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Tall fescue forage mass in a grass-legume mixture: predicted efficiency of indirect selection
- Waldron, Blair L., Peel, Michael D., Larson, Steven R., Mott, Ivan W., Creech, J. Earl
- Euphytica 2017 v.213 no.3 pp. 67
- Festuca arundinacea subsp. arundinacea, alfalfa, environmental stewardship, fertilizers, forage, genetic correlation, grasses, heritability, pastures, plant breeding, prices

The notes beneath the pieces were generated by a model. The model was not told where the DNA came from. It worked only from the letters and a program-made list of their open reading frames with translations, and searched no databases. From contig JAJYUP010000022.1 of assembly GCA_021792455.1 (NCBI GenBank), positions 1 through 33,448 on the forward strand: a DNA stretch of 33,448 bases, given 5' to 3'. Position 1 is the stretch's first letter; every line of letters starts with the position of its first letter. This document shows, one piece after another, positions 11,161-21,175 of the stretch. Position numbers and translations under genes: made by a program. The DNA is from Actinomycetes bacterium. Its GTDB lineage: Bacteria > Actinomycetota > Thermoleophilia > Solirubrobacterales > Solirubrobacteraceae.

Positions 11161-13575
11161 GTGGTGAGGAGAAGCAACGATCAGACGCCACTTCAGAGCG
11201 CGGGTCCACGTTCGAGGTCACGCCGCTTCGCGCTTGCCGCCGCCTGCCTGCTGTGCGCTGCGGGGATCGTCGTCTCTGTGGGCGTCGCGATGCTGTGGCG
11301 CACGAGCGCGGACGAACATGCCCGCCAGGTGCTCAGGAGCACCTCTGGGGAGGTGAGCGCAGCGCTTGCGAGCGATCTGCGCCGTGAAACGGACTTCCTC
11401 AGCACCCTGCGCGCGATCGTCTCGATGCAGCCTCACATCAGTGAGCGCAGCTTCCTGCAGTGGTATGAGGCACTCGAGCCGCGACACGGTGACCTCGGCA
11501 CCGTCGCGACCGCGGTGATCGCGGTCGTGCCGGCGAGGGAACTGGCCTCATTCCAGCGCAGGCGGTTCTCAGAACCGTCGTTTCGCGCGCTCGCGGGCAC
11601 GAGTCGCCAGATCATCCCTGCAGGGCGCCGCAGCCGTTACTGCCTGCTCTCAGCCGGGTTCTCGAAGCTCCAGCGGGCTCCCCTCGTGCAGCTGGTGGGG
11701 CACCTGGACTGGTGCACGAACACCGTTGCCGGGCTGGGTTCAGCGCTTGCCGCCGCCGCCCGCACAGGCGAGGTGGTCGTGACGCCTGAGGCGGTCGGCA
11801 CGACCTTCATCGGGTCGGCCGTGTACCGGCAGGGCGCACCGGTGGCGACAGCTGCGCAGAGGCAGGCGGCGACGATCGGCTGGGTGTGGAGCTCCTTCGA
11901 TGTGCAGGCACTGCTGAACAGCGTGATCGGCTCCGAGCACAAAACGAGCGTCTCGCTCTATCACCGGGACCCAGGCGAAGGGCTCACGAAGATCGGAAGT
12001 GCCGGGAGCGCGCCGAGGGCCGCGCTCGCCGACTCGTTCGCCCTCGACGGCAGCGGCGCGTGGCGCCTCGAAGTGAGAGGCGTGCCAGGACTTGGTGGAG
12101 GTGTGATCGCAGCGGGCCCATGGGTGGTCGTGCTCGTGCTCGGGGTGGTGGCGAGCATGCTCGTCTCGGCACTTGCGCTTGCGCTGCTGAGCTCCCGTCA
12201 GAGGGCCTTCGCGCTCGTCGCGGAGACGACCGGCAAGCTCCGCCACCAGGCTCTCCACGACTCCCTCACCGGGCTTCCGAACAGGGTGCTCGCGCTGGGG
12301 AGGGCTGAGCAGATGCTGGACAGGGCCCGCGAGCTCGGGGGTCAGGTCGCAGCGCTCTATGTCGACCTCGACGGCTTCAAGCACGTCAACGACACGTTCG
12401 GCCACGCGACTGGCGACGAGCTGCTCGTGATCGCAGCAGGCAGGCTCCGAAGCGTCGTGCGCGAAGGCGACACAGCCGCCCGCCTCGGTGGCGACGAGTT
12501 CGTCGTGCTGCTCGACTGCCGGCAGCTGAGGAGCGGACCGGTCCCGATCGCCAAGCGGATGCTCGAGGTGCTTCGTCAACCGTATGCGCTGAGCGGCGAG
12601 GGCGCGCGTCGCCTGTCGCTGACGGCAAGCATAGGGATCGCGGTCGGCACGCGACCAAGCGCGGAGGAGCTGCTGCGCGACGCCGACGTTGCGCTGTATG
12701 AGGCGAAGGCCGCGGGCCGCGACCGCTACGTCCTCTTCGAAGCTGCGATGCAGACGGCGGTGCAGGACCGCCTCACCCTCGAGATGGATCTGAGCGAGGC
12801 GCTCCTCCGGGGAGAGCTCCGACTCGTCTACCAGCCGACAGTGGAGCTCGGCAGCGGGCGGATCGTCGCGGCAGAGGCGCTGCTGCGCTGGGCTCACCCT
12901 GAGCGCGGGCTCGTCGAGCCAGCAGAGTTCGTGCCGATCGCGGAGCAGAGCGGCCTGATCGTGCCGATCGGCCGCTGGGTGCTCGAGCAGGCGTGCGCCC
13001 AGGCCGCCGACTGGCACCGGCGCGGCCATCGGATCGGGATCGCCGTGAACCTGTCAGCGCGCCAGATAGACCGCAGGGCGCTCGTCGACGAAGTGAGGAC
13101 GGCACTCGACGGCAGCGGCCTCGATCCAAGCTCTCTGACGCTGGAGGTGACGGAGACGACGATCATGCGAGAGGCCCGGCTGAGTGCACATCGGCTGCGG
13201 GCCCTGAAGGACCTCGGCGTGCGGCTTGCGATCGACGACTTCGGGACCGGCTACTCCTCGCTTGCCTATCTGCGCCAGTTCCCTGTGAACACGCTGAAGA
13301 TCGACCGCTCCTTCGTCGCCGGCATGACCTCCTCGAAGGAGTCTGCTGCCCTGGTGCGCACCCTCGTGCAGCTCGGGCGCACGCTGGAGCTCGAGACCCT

- High fertilizer prices and improved environmental stewardship have increased interest in grass-legume mixed pastures. It has been hypothesized, but not validated, that the ecological combining ability between grasses and legumes can be improved by breeding specifically for mixture performance. This experiment examined the predicted efficiency of selection in a grass monoculture environment to indirectly improve tall fescue (Lolium arundinaceum (Schreb.) Darbysh.) forage mass in a grass-legume mixture. Heritability, genetic and rank correlations, and selection efficiencies were estimated for forage mass in a tall fescue half-sib population grown as spaced-plants overseeded with either turf-type tall fescue (monoculture) or alfalfa (mixture). Heritability for tall fescue forage mass in monoculture ranged from 0.32 to 0.70 and were always similar or greater than those in mixture (range 0.27–0.55) for four successive harvests and annual total. Genetic correlations between monoculture and mixture tall fescue forage mass varied with values of 0.48, 0.92, −0.31, 0.70, and 0.25 in June, July, August, October, and annual total, respectively. Indirect selection efficiencies exceeded or approached direct selection for mixtures only in July and October (1.29, and 0.73, respectively). Whereas, indirect selection efficiencies were low in June, August, and annual forage mass (0.58, −0.31, and 0.28, respectively). Moreover, low Spearman’s rank correlations (−0.03 to 0.35) indicated differing half-sib family performance between the monoculture and mixture environments. Results indicate that direct selection should be used to improve tall fescue forage mass in a grass-legume mixture, and support the hypothesis of increasing ecological combining ability by breeding for mixtures per se.